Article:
Researchers at Wake Forest Baptist Medical Center in Winston-Salem, NC, have successfully created and implemented an emergency general surgery registry (EGSR) that will advance the science of acute surgical care by allowing surgeons to track and improve surgical patient outcomes, create performance metrics, conduct valid research and ensure quality care for all emergency general surgery (EGS) patients. The registry, featured in a study published in the February 2012 issue of the Journal of the American College of Surgeons, was modeled after the American College of Surgeons (ACS) National Trauma Data Bank (NTDB) and components of the ACS National Surgical Quality Improvement Program (ACS NSQIP). It is the first registry of its kind to establish ICD-9 codes (International Classification of Diseases) that help to define and evaluate EGS patients.
Today, trauma surgery is well documented and researched, and registries around the world like the NTDB further study traumatic injury and treatments.i ii iii However, there are few published studies outlining the determinants of EGS outcomes and overall, there is poor understanding about the systems through which EGS care is delivered. EGS cases include a breadth of pathology including appendectomy, hernia repair, intestinal repair, abscess drainage, and cholecystectomy (removal of the gallbladder) and these emergency procedures commonly represent extremely challenging cases. Many institutions currently evaluate EGS cases using discharge records that contain administrative data only and are not designed to track disease-specific variables.
"We consider the EGSR to be fundamental to our practice and hope it will become a national model to track and improve acute surgical care in the U.S.," said lead author of the study Preston R. Miller, MD, FACS, associate professor, Department of General Surgery, Wake Forest School of Medicine, Winston-Salem, NC. "This registry is a work-in-progress and as we move forward, it is critical that this be a coordinated, multi-institutional effort evaluating a myriad of acute surgical services with the goal to advance care and outcomes for EGS patients."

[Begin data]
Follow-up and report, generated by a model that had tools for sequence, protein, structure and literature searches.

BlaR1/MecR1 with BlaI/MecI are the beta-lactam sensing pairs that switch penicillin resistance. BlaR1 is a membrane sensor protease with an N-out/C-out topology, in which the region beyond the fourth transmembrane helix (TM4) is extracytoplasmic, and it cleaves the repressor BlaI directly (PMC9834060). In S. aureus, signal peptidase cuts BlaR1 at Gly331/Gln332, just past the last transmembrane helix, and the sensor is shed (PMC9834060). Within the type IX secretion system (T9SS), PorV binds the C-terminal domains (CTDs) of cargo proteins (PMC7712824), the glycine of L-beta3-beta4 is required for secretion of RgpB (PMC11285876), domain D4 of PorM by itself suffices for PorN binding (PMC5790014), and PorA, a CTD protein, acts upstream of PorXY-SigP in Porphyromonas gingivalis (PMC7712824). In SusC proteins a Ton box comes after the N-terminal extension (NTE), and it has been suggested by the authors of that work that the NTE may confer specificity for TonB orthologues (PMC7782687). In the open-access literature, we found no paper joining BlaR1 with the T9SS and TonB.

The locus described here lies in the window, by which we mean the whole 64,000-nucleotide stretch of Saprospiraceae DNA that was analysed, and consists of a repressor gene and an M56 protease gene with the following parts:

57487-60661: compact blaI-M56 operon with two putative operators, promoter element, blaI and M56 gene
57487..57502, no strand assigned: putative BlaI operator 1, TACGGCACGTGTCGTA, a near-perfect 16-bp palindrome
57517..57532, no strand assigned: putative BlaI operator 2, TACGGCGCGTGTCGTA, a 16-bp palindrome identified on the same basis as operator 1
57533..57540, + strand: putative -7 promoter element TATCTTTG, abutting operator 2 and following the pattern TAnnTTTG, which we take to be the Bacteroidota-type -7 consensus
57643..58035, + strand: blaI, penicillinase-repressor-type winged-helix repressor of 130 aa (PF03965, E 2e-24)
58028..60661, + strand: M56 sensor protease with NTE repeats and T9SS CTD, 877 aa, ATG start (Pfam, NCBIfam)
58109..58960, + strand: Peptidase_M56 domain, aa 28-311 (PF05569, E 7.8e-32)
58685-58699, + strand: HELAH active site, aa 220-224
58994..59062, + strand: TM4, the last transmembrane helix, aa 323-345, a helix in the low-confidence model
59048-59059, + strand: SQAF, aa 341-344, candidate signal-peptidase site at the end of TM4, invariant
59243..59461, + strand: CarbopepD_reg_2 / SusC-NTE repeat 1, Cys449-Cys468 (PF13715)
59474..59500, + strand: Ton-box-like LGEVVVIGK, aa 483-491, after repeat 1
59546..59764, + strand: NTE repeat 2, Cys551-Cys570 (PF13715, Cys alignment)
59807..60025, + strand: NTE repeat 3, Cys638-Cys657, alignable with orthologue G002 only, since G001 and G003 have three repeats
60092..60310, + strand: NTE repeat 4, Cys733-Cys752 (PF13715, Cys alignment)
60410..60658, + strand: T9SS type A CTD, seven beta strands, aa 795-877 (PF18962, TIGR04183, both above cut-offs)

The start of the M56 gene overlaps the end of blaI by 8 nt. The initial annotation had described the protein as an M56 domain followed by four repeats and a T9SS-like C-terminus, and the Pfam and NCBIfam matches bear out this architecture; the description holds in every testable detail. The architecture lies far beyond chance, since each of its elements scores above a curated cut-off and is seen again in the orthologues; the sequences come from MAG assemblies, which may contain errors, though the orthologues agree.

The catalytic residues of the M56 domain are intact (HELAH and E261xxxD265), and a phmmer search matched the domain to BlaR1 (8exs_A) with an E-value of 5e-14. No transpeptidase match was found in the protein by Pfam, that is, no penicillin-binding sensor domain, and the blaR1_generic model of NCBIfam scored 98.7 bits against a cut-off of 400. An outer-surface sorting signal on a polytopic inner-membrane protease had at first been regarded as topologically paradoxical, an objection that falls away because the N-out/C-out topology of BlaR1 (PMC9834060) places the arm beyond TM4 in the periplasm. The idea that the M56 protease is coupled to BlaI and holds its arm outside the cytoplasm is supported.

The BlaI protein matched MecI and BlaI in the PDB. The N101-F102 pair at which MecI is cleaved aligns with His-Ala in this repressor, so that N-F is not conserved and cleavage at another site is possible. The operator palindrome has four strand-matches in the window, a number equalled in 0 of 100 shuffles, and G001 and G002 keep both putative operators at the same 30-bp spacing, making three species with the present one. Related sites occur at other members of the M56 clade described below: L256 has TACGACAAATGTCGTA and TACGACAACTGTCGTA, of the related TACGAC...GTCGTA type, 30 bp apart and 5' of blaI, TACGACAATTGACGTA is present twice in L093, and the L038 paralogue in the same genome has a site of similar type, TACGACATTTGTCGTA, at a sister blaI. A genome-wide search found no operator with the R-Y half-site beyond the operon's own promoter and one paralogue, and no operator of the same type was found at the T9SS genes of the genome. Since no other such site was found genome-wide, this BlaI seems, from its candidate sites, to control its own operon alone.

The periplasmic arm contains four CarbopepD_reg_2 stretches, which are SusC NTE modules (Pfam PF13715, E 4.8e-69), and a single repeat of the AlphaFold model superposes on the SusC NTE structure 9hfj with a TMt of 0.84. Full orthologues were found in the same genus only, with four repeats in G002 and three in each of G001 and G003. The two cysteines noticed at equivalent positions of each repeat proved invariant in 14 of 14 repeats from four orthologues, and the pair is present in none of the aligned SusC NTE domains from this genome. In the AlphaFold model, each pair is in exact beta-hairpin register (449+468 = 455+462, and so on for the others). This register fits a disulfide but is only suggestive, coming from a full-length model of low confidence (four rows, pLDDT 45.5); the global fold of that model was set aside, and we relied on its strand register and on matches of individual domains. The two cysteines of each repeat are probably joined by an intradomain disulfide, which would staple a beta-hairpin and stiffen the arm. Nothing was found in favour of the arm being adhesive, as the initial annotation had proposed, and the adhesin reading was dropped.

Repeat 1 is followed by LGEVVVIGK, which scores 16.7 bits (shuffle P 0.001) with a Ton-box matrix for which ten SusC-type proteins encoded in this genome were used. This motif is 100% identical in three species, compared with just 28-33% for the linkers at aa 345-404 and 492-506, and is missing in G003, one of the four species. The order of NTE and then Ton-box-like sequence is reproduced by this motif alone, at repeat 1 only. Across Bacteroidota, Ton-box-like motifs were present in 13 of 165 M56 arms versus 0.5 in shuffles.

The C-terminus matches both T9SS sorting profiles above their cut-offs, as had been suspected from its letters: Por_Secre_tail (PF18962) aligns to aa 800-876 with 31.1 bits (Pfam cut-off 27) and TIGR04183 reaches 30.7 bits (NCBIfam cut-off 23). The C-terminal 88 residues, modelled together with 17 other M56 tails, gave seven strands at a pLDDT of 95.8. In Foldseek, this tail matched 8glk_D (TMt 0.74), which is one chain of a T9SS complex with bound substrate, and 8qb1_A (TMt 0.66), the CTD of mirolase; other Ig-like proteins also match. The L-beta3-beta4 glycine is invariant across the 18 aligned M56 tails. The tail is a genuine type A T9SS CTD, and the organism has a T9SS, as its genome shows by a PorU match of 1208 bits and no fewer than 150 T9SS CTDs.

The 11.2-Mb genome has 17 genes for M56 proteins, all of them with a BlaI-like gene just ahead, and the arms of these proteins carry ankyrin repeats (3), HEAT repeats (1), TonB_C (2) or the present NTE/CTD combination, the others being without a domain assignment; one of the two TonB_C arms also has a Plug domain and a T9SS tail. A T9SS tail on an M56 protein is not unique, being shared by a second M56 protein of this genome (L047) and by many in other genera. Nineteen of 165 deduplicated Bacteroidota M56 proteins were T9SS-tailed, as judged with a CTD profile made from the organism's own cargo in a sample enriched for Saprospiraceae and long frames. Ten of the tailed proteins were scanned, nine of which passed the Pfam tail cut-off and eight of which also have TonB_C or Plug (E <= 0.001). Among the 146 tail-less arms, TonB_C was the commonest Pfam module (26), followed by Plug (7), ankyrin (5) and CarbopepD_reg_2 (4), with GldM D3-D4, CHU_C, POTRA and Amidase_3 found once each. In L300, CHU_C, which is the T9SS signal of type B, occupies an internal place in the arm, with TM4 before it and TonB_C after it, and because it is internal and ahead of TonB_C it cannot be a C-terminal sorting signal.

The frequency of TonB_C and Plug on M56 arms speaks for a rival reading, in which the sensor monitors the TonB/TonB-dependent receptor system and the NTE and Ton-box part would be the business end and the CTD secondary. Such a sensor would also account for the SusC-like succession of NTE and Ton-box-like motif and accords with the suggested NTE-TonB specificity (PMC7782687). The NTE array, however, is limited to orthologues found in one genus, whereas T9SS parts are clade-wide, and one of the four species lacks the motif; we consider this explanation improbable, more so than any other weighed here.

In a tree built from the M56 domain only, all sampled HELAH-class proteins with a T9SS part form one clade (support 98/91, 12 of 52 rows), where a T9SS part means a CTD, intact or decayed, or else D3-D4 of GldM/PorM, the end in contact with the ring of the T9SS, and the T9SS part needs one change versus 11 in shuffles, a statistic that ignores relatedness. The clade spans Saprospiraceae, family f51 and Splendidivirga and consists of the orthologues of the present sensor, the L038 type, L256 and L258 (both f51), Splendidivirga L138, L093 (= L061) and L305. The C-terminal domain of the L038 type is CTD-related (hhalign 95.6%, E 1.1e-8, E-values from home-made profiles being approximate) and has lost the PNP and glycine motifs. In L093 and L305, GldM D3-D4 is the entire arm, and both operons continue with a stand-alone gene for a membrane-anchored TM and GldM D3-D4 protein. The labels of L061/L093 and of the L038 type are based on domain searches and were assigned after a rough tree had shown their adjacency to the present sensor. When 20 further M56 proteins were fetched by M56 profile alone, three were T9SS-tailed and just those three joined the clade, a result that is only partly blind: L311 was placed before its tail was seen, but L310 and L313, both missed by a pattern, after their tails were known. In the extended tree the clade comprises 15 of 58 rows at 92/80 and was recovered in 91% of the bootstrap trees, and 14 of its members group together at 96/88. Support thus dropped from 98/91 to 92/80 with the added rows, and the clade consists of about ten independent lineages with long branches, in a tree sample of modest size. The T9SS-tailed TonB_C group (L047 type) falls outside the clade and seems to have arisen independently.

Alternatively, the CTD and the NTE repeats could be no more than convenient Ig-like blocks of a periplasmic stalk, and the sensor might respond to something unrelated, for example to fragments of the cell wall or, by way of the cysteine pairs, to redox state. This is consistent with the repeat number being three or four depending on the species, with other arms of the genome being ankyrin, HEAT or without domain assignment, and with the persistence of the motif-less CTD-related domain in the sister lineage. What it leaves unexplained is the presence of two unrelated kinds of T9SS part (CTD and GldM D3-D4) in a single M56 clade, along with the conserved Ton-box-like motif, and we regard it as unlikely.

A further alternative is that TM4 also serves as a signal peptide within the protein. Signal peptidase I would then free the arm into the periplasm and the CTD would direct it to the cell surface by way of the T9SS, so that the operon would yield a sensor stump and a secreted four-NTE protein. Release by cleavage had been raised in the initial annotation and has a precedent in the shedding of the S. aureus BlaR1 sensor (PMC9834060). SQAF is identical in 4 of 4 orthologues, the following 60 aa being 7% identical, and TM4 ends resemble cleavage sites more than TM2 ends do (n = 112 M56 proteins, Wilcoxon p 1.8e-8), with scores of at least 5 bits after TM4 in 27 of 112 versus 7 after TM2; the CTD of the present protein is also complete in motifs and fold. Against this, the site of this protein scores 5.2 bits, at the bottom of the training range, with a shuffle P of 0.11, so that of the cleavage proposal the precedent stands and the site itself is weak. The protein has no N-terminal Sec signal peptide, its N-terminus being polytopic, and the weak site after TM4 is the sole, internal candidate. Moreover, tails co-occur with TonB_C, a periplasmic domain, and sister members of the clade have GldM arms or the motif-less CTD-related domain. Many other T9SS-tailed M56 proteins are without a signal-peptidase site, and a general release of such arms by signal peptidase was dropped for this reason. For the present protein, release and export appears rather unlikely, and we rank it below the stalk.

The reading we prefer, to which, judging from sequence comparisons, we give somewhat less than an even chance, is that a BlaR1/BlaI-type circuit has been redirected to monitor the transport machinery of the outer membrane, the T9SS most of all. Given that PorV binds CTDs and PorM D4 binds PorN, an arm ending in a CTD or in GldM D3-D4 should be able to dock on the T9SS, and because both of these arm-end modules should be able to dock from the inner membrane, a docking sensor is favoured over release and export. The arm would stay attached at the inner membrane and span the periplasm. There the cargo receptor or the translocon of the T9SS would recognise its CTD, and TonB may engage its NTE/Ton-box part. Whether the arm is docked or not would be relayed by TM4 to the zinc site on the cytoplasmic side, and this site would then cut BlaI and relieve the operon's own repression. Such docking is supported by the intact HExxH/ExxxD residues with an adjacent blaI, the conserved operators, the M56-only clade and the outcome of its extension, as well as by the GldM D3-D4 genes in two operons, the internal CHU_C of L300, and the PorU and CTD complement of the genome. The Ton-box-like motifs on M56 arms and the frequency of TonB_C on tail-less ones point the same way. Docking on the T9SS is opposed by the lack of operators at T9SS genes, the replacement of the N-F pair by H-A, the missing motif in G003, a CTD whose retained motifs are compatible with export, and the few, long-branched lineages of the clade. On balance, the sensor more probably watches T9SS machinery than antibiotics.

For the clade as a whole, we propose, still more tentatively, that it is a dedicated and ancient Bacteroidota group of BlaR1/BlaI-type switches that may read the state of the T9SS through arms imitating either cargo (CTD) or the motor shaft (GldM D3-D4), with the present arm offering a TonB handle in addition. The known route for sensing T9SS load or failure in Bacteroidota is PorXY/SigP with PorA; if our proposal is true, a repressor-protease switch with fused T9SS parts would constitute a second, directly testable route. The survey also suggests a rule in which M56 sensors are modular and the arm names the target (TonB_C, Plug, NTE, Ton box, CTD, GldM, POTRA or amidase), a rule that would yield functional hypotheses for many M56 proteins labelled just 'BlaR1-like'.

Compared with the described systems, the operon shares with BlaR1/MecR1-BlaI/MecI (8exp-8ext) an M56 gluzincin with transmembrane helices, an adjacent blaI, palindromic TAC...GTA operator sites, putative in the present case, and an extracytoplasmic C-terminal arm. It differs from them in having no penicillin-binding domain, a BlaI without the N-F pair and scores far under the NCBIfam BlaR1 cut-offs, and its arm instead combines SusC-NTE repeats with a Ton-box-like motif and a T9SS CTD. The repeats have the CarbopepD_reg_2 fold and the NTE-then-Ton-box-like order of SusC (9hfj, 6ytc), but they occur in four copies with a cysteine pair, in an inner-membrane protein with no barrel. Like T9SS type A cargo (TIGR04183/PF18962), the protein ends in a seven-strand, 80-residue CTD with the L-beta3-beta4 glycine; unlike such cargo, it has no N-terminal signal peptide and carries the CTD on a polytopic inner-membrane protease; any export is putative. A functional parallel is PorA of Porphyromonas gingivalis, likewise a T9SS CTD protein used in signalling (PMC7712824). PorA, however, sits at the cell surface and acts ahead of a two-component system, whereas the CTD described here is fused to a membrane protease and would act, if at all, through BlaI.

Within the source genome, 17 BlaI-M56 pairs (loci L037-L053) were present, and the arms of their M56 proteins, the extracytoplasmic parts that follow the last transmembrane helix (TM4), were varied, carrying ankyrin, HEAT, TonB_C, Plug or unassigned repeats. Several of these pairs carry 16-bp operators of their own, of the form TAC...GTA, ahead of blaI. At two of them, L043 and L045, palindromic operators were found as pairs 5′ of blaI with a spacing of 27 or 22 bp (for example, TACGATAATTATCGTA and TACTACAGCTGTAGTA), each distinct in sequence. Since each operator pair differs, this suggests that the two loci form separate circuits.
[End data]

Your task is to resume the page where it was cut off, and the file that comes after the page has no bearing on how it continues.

These patients fall into a broad profile spectrum urgent or emergent, scheduled or elective, primary or secondary diagnoses, not always general surgery, and so on. Therefore, defining them is very challenging.
"The evolution of acute care surgery and emergency general surgery as a core area of practice under its umbrella requires a comprehensive database like this to analyze care and outcomes for this complex patient population," added Robert D. Becher, MD, co-author of the study at Wake Forest School of Medicine. "We hope the EGSR will not only help advance the science of this field, but will also aid in establishing national benchmarks and standards of care, as trauma has done so well over the last 40 years."
Researchers compiled EGS admissions data from January 1, 2009, through September 30, 2009. They modeled the NTDB criteria in 11 categories, including primary diagnosis, laboratory information, medical history, emergency department records, demographic variables, financial and outcomes information. The data review included 959 admissions, and from these cases 306 diagnostic codes in 16 disease categories were identified. The most common diagnoses were intestinal obstruction (143 patients), hernia repair (132 patients), cholecystitis (gall bladder disease, 129 patients), peritonitis (inflammation of the abdominal wall, 120 patients), diverticulitis (inflammation in the digestive system, 92 patients), peptic ulcer disease (73 patients), and appendicitis (52 patients).
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More information: i American College of Surgeons: Trauma Programs: National Trauma Data Bank (NTDB). www.facs.org/trauma/ntdb/index.html Accessed February 17, 2011.
ii Anon. National Trauma Registry Consortium - (Australia & New Zealand) at The University of Queensland. www.uq.edu.au/ntrc/ . Accessed February 17, 2011.
iii The Canadian National Trauma Registry (NTR). secure.cihi.ca/cihiweb/dispPage.jsp?cw_page=services_ntr_e . Accessed February 17, 2011.